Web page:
minimize the size of replacement vectors, we have
monitored the longterm behavior of a single prin
cipal axis vector. Each replacement vector may be
evolved until a problem arises, and so on. This
leads us to an estimate of X1. (See fig. 4a.)
The use of a finite amount of experimental data
does not allow us to probe the desired infinitesimal
length scales of an attractor. These scales are also
inaccessible due to the presence of noise on finite
length scales and sometimes because the chaos
producing structure of the attractor is of negligible
spatial extent. A discussion of these points is de
ferred until section 7.1.
An estimate of the sum of the two largest expo
nents X1 + X 2 is similarly obtained. In the ODE
procedure this involves the longterm evolution of
a fiducial trajectory and a pair of tangent space
vectors. In our procedure a triple of points is
evolved in the reconstructed attractor. Before the
area element defined by the triple becomes com
parable to the extent of the attractor we mimic
GSR by keeping the fiducial point, replacing the
remainder of the triple with points that define a
smaller area element and that best preserve the
element's phase space orientation. Renormaliza
tions are necessary solely because vectors grow too
large, not because vectors will collapse to indis
tinguishable directions in phase space (this is un
likely with the limited amounts of data usually
available in experiments). The exponential growth
rate of area elements provides an estimate of X1
+ X 2. (See fig. 4b.)
Our approach can be extended to as many non
negative exponents as we care to estimate: k + 1
points in the reconstructed attractor define a k
volume element whose longterm evolution is pos
sible through a data replacement procedure that
attempts to preserve phase space orientation and
probe only the small scale structure of the attrac
tor. The growth rate of a kvolume element pro
vides an estimate of the sum of the first k
Lyapunov exponents.
In principle we might attempt the estimation of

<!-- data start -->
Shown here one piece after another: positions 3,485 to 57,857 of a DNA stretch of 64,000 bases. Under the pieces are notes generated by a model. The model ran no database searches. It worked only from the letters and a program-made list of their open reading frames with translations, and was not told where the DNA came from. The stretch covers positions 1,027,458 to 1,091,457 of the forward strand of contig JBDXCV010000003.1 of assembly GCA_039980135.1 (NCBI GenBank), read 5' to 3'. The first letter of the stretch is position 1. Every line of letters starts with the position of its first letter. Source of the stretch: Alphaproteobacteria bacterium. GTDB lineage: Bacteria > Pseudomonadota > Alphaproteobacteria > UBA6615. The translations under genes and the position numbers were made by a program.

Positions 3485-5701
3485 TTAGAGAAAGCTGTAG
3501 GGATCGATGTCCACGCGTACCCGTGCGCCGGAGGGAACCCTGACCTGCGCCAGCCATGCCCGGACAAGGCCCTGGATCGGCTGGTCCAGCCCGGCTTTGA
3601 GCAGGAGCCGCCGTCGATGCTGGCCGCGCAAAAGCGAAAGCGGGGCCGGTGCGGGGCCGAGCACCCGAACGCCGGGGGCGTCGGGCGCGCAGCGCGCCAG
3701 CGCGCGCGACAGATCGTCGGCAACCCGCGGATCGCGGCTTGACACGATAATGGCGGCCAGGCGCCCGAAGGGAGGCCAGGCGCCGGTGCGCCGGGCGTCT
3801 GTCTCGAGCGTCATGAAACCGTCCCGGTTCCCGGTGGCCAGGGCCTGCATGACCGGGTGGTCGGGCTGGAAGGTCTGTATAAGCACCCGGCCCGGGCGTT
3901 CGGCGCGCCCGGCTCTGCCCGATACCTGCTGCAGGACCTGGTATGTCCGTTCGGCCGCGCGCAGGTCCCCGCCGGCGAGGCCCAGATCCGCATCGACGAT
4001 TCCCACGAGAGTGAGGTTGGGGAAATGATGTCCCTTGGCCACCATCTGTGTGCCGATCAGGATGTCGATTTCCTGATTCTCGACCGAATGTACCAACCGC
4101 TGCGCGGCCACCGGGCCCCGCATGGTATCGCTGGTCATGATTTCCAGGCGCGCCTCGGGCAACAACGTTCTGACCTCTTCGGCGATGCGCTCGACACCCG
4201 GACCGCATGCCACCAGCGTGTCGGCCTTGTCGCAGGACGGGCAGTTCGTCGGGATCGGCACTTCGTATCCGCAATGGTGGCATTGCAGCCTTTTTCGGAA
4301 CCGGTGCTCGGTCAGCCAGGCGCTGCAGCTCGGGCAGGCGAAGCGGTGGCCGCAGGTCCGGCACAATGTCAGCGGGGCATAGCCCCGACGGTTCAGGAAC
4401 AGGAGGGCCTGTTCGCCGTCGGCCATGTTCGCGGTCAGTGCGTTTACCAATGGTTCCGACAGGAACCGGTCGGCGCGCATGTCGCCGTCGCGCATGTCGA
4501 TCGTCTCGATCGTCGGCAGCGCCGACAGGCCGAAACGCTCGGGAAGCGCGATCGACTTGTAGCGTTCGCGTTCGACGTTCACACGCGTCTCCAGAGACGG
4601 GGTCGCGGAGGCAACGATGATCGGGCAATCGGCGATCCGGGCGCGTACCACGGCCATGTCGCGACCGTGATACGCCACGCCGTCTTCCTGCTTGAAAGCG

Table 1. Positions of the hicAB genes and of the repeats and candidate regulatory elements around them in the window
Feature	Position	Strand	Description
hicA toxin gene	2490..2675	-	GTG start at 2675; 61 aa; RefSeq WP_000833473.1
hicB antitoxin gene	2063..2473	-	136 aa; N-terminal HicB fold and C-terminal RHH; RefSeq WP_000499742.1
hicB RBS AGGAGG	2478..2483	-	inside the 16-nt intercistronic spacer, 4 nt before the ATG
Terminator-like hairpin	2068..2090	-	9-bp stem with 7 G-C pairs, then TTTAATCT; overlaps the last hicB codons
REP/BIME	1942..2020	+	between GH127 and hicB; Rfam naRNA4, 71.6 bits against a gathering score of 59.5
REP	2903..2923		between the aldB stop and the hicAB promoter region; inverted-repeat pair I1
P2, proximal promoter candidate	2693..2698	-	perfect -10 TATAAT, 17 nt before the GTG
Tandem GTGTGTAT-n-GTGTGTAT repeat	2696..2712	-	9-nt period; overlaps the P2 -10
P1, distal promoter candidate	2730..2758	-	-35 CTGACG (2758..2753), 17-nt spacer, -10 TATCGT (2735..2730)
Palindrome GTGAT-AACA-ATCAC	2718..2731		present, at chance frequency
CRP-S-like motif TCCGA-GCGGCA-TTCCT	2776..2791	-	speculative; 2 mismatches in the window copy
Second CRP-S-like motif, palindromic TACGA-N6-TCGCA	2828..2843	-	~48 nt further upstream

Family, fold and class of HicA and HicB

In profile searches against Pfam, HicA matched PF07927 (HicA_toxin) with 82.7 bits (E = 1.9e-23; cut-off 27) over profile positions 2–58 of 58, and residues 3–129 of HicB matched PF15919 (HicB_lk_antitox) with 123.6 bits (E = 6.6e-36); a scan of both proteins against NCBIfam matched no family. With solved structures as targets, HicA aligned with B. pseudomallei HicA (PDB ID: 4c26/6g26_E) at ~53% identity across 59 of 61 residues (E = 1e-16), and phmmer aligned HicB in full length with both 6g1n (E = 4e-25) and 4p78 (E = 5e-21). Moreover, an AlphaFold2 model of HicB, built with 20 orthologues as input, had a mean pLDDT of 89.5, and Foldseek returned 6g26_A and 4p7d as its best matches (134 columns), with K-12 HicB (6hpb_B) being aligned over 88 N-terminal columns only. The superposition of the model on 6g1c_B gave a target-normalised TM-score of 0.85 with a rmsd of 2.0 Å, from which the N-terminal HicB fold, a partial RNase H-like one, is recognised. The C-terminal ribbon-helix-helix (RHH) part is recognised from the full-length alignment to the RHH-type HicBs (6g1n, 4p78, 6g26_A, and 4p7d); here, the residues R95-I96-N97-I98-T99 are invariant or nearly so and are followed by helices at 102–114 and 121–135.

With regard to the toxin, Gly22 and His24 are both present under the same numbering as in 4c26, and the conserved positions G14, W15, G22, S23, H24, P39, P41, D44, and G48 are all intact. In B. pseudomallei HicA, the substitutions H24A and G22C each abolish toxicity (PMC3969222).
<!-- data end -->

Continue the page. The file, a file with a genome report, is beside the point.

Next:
negative exponents by going to higherdimensional
volume elements, but information about contract
ing phase space directions is often impossible to
resolve. In a system where fractal structure can be
resolved, there is the difficulty that the volume
elements involving negative exponent directions
collapse exponentially fast, and are therefore
numerically unstable for experimental data (see
section 7.1).
5. Spectnd algorithm implementation
We have implemented several versions of our
algorithms including simple "fixed evolution time"
programs for ~'1 and X1 ÷ hE, "variable evolution
time" programs for XI+~:, and "interactive"
programs that are used on a graphics machinet.
tThe interactive program avoids the profusion of input
parameters required for our increasingly sophisticated expo
Page 11
A. Wolf et al./ Determining Lyapunov exponents from a time series
295
In appendix B we include Fortran code and
documentation for the h 1 fixed evolution time
program. This program is not sophisticated, but it
is concise, easily understood, and useful for learn
ing about our technique. We do not include the
fixed evolution time code for )~x + )~2 (though it is
briefly discussed at the end of appendix B) or our
other programs, but we will supply them to inter
ested parties. We can also provide a highly effi
cient data base management algorithm that can be
used in any of our programs to eliminate the
expensive process of exhaustive search for nearest
neighbors. We now discuss the fixed evolution
time program for A t and the variable evolution
time program for ~x + h2 in some detail.
5.1. Fixed evolution time program for )~1
Given the time series x(t), an mdimensional
phase portrait is reconstructed with delay coordi